I remember clearly when I first heard Creep, Radiohead’s breakthrough single, the millstone around their neck ever since, and the undisputed highlight from this, their 1993 debut album. It was in the kitchen of the first student house I shared at university in Leicester. There should be a plaque on the wall outside, for whilst I was pottering about listening to the radio, washing up I think, this came on, and stopped me in my tracks. It sounded completely new, and fairly blew my mind. It was as much a game-changer for “indie rock” as Nirvana’s Smells Like Teen Spirit I’ve been a Radiohead fan ever since.
Though I confess I haven’t played their debut for some time. It sounds almost like a curiosity now; they developed their style, pushed their creative boundaries so quickly, that its as much of a leap from this to The Bends and from there to OK Computer. After that, they never looked back.
Although nothing else on the album comes close to Creep in terms of hitting that sweet spot of adrenaline and despair, their two other singles from the album, Stop Whispering and Anyone Can Play Guitar are pretty good also. The latter is a nice mix of Thom Yorke’s nihilism and sarkyness with the lines “As if the world does turn / And if London burns / I’ll be standing on the beach with my guitar.” Jonny Greenwood’s distinctive guitar style is noticeable on certain tracks (Blow Out and Lurgee in particular) but there’s an overly heavy dependency on grungifying everything with a heavy wash of guitar chords and thundering drums. The early 90s were the grunge years after all, with the Pixies and Nirvana in ascendance. Fortunately Radiohead soon found their own way.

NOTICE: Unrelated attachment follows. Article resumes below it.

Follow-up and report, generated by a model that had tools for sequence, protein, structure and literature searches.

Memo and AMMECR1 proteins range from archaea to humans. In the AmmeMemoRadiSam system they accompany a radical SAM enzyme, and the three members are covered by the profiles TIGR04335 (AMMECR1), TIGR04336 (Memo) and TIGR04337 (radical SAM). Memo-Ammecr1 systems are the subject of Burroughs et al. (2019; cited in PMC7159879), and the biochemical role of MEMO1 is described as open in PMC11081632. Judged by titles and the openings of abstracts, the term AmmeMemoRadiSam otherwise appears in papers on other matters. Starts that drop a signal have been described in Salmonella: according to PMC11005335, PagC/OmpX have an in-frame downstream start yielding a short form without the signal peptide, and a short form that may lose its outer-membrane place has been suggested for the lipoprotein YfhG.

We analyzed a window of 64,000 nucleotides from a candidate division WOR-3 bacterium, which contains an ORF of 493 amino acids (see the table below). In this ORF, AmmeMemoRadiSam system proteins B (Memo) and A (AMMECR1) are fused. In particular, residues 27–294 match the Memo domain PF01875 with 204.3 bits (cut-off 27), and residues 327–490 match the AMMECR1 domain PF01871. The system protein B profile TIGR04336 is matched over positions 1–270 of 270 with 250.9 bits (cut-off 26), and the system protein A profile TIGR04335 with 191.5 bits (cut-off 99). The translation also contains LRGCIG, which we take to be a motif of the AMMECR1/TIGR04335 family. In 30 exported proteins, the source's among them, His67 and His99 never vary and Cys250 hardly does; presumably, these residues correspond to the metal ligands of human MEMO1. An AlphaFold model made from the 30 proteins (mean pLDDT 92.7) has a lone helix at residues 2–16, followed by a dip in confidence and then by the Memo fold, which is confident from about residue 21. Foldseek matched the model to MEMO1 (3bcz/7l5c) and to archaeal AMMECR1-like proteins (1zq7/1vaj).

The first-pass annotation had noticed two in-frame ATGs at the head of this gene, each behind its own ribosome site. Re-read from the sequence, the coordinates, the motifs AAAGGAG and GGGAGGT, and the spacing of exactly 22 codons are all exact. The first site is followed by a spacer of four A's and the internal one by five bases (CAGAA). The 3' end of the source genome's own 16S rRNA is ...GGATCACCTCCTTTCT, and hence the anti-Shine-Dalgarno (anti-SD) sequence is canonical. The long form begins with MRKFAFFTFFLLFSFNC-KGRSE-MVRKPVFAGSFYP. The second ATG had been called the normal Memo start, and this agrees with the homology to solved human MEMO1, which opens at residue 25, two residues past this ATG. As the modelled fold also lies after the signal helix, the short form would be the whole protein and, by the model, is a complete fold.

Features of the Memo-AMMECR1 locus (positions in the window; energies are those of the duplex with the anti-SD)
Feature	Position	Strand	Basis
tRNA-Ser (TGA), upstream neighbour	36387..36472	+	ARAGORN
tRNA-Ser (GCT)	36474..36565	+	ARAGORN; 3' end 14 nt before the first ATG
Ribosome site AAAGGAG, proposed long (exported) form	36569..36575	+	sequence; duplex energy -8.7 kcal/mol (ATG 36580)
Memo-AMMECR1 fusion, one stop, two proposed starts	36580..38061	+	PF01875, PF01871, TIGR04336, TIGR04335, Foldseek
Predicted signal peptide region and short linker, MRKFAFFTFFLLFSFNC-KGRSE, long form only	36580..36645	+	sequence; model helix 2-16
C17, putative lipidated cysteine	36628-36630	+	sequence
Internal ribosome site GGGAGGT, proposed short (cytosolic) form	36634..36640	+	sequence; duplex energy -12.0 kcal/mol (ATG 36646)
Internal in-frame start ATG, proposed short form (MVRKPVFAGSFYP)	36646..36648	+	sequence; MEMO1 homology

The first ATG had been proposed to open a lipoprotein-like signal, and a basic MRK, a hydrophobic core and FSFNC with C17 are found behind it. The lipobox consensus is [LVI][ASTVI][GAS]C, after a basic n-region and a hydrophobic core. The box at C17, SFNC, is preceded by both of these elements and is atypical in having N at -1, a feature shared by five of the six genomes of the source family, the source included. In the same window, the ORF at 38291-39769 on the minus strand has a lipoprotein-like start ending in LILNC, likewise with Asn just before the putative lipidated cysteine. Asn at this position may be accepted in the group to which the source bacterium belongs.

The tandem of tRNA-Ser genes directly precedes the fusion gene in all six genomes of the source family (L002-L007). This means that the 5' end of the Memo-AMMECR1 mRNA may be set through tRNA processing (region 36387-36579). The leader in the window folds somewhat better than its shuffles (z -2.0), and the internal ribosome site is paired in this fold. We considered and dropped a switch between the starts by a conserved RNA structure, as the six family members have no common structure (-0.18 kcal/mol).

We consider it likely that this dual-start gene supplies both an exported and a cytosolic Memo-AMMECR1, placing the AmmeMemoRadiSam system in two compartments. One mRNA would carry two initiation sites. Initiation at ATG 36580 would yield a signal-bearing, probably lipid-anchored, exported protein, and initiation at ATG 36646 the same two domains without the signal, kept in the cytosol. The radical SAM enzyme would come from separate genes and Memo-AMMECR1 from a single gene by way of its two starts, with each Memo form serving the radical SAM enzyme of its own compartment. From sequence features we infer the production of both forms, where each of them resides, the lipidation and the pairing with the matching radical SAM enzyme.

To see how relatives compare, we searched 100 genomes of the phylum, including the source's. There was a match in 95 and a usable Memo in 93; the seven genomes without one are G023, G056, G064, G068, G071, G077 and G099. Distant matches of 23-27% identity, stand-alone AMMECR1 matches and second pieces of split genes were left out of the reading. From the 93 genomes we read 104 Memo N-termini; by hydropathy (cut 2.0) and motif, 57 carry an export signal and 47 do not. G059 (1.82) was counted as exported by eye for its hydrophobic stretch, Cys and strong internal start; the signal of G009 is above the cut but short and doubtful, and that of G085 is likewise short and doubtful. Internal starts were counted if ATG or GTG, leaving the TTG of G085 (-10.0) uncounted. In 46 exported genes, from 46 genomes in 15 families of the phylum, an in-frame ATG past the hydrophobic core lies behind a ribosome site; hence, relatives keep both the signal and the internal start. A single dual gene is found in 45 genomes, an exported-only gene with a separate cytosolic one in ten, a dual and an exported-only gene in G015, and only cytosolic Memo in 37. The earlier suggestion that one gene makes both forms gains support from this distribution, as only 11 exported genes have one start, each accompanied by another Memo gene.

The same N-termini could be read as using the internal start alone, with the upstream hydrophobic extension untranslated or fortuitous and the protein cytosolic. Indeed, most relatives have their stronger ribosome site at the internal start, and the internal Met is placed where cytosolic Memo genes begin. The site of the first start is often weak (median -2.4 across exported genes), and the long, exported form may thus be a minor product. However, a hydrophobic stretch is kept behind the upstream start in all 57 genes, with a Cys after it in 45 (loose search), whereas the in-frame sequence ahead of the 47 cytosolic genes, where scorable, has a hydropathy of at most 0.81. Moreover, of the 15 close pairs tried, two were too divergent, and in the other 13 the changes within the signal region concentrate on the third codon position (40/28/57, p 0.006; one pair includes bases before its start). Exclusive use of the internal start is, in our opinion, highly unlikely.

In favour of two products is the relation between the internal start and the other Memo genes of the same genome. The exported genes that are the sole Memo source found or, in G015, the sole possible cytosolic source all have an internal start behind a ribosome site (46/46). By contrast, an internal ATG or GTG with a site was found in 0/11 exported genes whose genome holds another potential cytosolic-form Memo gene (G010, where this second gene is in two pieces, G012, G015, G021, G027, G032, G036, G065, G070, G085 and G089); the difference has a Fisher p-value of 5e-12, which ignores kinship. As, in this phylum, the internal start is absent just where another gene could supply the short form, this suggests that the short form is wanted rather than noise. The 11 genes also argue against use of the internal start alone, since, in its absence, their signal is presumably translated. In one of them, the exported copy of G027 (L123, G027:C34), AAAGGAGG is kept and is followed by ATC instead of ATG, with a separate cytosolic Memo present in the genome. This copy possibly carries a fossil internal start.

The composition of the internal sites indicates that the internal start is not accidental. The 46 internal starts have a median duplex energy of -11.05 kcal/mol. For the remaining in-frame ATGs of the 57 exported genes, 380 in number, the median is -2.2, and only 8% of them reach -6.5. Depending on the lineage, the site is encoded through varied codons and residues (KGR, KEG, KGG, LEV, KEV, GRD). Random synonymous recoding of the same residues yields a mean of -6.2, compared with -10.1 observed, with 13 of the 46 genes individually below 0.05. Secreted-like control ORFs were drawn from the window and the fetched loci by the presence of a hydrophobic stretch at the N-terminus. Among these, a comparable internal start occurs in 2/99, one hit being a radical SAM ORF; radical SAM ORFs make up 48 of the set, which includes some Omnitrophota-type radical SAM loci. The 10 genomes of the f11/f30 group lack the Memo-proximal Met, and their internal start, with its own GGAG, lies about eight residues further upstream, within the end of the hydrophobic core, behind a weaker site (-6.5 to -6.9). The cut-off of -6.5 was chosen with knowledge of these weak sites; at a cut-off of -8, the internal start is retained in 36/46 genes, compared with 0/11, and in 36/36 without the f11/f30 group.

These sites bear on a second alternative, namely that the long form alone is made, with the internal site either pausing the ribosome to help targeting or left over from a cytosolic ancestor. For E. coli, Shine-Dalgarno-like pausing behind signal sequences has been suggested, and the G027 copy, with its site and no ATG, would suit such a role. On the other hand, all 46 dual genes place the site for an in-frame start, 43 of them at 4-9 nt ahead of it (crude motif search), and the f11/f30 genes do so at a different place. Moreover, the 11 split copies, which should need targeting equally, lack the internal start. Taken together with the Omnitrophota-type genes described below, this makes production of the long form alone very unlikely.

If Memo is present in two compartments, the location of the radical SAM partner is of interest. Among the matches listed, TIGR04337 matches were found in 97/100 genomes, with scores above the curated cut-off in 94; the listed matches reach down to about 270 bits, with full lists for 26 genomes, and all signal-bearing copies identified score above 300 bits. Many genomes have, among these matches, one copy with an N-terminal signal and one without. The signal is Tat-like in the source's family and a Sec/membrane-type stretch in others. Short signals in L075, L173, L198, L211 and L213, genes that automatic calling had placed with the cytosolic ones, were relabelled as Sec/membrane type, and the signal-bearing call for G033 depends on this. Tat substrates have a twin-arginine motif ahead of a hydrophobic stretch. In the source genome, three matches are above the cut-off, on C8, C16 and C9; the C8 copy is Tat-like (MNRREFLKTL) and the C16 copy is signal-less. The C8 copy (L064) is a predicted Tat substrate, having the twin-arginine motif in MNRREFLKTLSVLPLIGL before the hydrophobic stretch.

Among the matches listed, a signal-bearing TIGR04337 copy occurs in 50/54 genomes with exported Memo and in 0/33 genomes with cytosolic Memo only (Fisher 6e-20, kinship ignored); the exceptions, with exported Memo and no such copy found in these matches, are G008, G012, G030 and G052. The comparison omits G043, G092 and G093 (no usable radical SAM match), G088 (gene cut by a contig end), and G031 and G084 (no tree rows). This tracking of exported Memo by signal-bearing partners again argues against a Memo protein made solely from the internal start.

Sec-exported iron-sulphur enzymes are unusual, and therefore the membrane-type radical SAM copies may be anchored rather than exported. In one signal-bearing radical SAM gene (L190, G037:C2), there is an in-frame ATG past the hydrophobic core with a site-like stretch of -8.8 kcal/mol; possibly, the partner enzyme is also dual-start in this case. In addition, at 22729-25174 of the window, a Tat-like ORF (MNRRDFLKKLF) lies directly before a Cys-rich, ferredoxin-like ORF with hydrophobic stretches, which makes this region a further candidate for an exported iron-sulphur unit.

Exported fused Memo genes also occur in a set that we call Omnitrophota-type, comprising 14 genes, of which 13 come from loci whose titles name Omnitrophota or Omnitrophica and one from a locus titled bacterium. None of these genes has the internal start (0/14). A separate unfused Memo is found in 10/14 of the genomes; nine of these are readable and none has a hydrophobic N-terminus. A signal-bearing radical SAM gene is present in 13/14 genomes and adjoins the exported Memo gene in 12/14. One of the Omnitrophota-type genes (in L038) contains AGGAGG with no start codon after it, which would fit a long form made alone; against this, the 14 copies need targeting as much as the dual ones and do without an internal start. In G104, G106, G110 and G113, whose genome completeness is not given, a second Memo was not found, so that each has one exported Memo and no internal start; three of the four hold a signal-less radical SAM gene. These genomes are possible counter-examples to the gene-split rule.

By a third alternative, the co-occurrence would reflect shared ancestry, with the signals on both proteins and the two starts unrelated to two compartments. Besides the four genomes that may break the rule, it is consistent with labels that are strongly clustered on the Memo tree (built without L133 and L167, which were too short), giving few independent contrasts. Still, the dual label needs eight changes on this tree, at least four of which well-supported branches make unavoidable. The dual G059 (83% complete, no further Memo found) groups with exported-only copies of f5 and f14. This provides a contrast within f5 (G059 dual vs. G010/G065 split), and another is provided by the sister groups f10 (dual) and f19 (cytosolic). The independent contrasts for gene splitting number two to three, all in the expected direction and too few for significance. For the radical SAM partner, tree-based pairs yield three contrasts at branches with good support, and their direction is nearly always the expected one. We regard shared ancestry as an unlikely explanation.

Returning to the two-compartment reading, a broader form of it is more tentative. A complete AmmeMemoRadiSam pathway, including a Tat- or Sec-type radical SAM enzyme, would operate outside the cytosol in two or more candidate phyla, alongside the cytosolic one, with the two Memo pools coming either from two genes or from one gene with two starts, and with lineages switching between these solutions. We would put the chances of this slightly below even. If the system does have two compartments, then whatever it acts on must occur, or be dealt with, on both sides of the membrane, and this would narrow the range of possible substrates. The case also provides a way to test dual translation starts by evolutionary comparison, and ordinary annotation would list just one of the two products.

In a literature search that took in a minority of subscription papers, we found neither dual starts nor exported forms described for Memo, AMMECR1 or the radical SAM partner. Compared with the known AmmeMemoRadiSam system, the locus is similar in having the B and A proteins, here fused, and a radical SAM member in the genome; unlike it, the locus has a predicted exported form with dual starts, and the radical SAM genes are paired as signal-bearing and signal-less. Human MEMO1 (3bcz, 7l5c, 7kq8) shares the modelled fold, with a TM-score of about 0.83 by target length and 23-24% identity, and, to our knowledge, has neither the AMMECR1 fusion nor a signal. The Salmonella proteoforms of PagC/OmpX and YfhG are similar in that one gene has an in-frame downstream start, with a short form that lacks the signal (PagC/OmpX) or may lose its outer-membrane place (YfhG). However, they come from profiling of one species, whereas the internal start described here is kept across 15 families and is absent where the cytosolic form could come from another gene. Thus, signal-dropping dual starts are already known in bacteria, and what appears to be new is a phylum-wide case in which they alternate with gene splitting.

Best Bits: Creep. Obviously.
Genre: Indie Rock
Like This, Try This: Ingrid Michaelson’s cover of Creep. It’s something else.